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Need a T Break? How to Know if You Need a Tolerance Break

Need a T Break? How to Know if You Need a Tolerance Break

Is that joint just not hitting the way it used to? It might be time for a T break.

A tolerance break, or T break is self-explanatory. When you start drinking, it only takes a couple beers and you’re drunk. But after you start having a couple beers a day for a few months, you won’t get as drunk because your body will start to build up a tolerance to the effects of alcohol.

The same is true for cannabis. More or less.

When do you need a T break?

It’s completely up to you because you’re the only one who knows how cannabis effects you. If you used to get baked like a biscuit off of one joint, but now need a king size or two joints to get the same feeling, it might be time for a T break.

The other option is to consume more cannabis in general, or consume more concentrated cannabis. The only downside to this is that you will be pushing your tolerance even further. Another reason to take a tolerance break is to do just that, take a break.

Cannabis is nowhere near as dangerous as alcohol or tobacco, but that doesn’t mean it doesn’t have an impact on your body. If you smoke frequently before bed, it can become difficult to fall asleep without it, and the same goes for eating. Maybe you need cannabis to eat which is fine, but using it to constantly just “enhance” your meal can make you eat more without thinking about portion control as much. Plus smoking plant matter in general isn’t great for you.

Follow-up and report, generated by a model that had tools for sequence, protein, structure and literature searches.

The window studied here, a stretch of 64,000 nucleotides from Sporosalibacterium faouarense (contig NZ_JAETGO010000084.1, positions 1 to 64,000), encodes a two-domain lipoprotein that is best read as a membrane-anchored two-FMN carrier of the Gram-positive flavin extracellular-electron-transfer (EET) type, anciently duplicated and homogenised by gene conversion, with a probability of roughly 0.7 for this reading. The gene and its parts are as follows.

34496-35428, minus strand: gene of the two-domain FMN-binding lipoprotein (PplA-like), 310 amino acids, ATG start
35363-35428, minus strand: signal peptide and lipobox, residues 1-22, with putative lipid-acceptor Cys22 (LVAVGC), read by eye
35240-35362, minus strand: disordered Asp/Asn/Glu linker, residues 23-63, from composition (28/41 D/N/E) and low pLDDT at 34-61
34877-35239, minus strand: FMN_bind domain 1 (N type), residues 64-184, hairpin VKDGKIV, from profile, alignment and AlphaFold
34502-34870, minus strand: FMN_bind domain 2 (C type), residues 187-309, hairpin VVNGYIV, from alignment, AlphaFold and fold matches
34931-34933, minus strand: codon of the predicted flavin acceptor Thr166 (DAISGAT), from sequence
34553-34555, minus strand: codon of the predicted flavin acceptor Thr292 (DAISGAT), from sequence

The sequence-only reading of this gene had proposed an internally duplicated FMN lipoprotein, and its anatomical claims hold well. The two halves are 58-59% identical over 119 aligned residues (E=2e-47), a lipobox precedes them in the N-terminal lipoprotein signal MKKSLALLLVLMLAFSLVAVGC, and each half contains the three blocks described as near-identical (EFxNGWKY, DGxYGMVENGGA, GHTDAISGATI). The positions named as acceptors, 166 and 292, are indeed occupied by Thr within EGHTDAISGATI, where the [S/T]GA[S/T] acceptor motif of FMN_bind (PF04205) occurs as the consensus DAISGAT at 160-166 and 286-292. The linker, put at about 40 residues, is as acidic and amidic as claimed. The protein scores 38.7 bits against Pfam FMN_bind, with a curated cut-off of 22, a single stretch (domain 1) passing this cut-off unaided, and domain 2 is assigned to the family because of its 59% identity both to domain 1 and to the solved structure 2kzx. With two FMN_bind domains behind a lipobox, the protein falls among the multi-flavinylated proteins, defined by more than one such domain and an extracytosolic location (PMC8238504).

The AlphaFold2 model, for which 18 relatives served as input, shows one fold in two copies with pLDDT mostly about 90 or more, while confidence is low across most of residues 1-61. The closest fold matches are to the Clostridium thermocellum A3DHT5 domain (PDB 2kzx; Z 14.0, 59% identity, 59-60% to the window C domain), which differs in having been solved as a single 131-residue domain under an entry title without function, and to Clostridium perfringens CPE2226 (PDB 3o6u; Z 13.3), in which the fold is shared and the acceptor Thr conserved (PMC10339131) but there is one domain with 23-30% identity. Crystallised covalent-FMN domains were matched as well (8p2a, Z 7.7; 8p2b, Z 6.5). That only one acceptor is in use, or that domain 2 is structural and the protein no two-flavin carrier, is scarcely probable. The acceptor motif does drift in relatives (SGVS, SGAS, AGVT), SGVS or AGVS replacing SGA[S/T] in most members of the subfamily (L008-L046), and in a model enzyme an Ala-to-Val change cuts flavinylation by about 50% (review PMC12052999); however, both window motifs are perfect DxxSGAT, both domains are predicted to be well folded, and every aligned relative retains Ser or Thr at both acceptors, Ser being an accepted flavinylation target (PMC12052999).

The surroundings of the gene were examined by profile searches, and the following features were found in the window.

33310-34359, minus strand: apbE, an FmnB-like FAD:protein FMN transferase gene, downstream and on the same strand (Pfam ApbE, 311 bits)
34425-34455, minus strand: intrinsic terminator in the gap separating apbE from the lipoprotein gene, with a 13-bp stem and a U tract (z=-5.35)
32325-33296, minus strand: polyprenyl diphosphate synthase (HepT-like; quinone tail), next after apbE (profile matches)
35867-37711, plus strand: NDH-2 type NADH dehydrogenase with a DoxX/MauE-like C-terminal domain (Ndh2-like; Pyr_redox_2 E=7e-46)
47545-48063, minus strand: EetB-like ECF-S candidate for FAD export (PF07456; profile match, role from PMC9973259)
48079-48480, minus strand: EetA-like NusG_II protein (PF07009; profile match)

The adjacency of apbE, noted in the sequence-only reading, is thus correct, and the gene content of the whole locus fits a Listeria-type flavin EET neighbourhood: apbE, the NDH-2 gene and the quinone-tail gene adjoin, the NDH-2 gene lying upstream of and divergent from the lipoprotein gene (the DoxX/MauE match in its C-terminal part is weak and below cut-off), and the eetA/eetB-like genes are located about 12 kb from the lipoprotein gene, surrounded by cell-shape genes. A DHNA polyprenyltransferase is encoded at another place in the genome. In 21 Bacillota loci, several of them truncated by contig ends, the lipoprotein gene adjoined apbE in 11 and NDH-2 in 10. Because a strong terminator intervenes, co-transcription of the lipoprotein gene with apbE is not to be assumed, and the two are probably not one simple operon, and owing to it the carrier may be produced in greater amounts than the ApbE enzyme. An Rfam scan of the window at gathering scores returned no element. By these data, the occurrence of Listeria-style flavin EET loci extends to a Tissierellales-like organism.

Lastly and probably one of the most stressful reasons to take a T break is because of a job. Unfortunately not all of us are lucky enough to have jobs that don’t drug test. If you get past the interview for a job and they need you to take a drug test, you better hope they give you some time.

THC can be in your system for up to a month if you are a heavy user that smokes several times a day, but can be out of your system in just a few days if your use is minimal and you take the necessary precautions before you take the test. If you just smoked yesterday and you have a drug test tomorrow, your chances aren’t great, but you can chug water and exercise to clean out your system as much as possible, plus other, less conventional methods we’ll save for another article.

How long is a tolerance break?

The beauty of a tolerance break is that it’s 100% customizable. If you just want to take a day off, you can. If you’re a daily consumer it probably won’t make a notable difference though. Most people stop use for a week or more, with some going a month or longer.

Some people who have used cannabis frequently for years may take a month T break and realize how different it is to not be under the influence so regularly. Some people may even quit cannabis all together after a tolerance break. But for a lot of people, it’s about regaining an appreciation for the plant.

Think about your early years with cannabis. The coughs, the laughs, the munchies, the being baked out of your mind. Over time those effects become just part of the experience, and expected with every toke.

Taking some time off can help you appreciate what cannabis really does for you, and in turn bring you closer to cannabis. It has so much more use than just getting high, and sometimes it takes taking a step back for a while to learn to be grateful for all cannabis can really do.

Nobody¬†needs a tolerance break. Hell, I haven’t taken one in years. But just writing this out is making me consider taking a little break so I can regain some of my appreciation for cannabis too.